About 1 in 5 people regularly get bothersome canker sores, which can make eating, drinking, and even brushing teeth a real pain. But just because they're relatively common doesn't mean these small open sores inside the mouth should be ignored.
About Canker Sores
Also known as aphthous ulcers, canker sores are small sores that can occur inside the cheeks and lips, at the base of the gums, and on or under the tongue.
But don't confuse canker sores with cold sores or fever blisters, which are sores caused by the herpes simplex virus and found outside the mouth around the lips, on the cheeks or chin, or inside the nostrils. Whereas cold sores are contagious, canker sores are not contagious — so kissing cannot spread them.
Although canker sores aren't contagious, the tendency to have outbreaks of canker sores can run in a family. No one knows exactly what causes canker sores, but many factors are thought to put a person at risk. Diet may play a part. People who have nutritional deficiencies of folic acid, vitamin B12, and iron seem to develop canker sores more often, as do those who have food allergies. Canker sores also can indicate an immune system problem.
Mouth injuries, such as biting the inside of the lip or even brushing too hard and damaging the delicate lining inside the mouth, also seem to bring on canker sores. Sodium lauryl sulfate (SLS), an ingredient in many toothpastes and mouthwashes, has been linked to canker sores and is thought to prolong the healing time of the sores.
Even emotional stress could be a factor. One study of college students showed that they had more canker sores during stressful periods, such as around exam time, than they did during less stressful times, such as summer break.
Although anyone can get them, young people in their teens and early twenties seem to get them most often, and women are twice as likely to develop them as men. Some girls and women find that they get canker sores at the start of their menstrual periods.
Signs and Symptoms
Canker sores usually appear as round, painful open sores that have a white or yellowish coating and a red "halo" around them. They tend to be small (¼ inch, or 6 millimeters across) and shallow, but occasionally they might be larger and deeper. Most often, canker sores pop up alone, but can also occur in small clusters. Sometimes an area will tingle or burn before a canker sore actually develops.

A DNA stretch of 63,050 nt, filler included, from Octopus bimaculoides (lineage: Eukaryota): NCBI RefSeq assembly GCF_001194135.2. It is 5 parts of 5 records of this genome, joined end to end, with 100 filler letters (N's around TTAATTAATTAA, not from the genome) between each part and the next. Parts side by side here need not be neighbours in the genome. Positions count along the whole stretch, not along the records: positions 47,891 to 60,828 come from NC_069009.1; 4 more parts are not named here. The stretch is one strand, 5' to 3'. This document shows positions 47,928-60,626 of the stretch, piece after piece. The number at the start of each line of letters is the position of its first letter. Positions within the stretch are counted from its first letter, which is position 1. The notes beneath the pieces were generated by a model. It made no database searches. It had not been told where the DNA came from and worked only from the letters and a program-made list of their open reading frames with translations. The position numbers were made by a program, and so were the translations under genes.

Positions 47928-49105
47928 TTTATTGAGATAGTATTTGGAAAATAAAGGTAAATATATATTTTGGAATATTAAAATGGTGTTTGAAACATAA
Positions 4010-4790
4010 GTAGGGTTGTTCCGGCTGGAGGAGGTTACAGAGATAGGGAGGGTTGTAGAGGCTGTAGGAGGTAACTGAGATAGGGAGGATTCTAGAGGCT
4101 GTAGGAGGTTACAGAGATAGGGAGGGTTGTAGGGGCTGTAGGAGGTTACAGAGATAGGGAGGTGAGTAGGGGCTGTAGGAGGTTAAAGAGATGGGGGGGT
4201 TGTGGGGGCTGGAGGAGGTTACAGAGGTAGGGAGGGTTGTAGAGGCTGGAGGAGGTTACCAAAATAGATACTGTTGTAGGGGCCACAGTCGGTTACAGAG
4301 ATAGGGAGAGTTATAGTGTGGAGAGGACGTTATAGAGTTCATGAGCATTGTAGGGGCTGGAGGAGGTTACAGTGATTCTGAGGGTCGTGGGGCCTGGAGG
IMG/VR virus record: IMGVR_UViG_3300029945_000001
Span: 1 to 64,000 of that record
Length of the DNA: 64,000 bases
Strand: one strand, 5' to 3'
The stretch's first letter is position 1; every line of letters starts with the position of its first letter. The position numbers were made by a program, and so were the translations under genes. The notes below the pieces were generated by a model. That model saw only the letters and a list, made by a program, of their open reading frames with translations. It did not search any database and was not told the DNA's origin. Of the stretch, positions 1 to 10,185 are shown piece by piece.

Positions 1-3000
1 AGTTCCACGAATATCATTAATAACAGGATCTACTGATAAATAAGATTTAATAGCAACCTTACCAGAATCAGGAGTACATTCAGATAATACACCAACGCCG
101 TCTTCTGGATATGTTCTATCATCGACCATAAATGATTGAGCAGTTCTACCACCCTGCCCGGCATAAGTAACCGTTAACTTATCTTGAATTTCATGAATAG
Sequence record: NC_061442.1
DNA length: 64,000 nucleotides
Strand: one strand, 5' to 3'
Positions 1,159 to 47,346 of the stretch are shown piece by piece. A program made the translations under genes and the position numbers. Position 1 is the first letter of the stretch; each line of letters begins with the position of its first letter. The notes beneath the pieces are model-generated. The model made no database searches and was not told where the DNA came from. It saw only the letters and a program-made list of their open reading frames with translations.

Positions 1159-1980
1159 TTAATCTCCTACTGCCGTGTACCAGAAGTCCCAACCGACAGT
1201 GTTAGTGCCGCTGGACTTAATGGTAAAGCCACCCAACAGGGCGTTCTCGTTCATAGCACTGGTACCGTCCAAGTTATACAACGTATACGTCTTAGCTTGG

Canker sores usually are not accompanied by other symptoms (like fever or swollen lymph nodes). If they are, this could be a sign of another condition that should be checked out.
It takes about 2 weeks for canker sores to heal. During this time, the sores can be painful, although the first 3 to 4 days are usually the worst. Unless they are very large or deep, they usually heal without scarring.
If your child develops canker sores that last longer than 2 weeks or is unable to eat or drink because of the pain, contact your doctor. Also call the doctor if the sores appear more than two or three times a year.
Tests are usually not done to diagnose canker sores, as a doctor can identify them based on medical history and physical exam alone.
If your child has very frequent or severe bouts of recurrent canker sores, the doctor may want to perform tests to look for possible nutritional deficiencies (which can be corrected with dietary changes or using prescription vitamin supplements), immune system deficiencies, and food or other allergies.
Most canker sores will heal on their own in a few days to a couple of weeks. If your child complains of pain during this time, offer over-the-counter pain relievers like ibuprofen or acetaminophen.
If a sore does not get better after a few weeks or keeps coming back, see a doctor or dentist. He or she may prescribe a topical medicine, special mouthwash, or home remedy to help heal the sores.
For medications that are applied directly to the sore, first blot the area dry with a tissue. Use a cotton swab to apply a small amount of the medication, and make sure your child doesn't eat or drink for at least 30 minutes to make sure that the medicine is not washed away.
Caring for Your Child
Help make canker sores less painful and prevent them from recurring by encouraging your child to:
- avoid eating abrasive foods, such as potato chips and nuts, which can irritate gums and other delicate mouth tissues
- try brushing and rinsing with toothpastes and mouthwashes that do not contain SLS
- use only soft-bristle toothbrushes and be careful not to brush too hard
- avoid any foods he or she is allergic to
- avoid spicy, salty, and acidic foods (such as lemons and tomatoes), which can aggravate tender mouth sores
Although they can certainly be a pain, in most cases, canker sores aren't a huge problem. Many people have learned to deal with them — and your child can, too.
Reviewed by: Elana Pearl Ben-Joseph, MD
Date reviewed: January 2013
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Note: All information is for educational purposes only. For specific medical advice, diagnoses, and treatment, consult your doctor.
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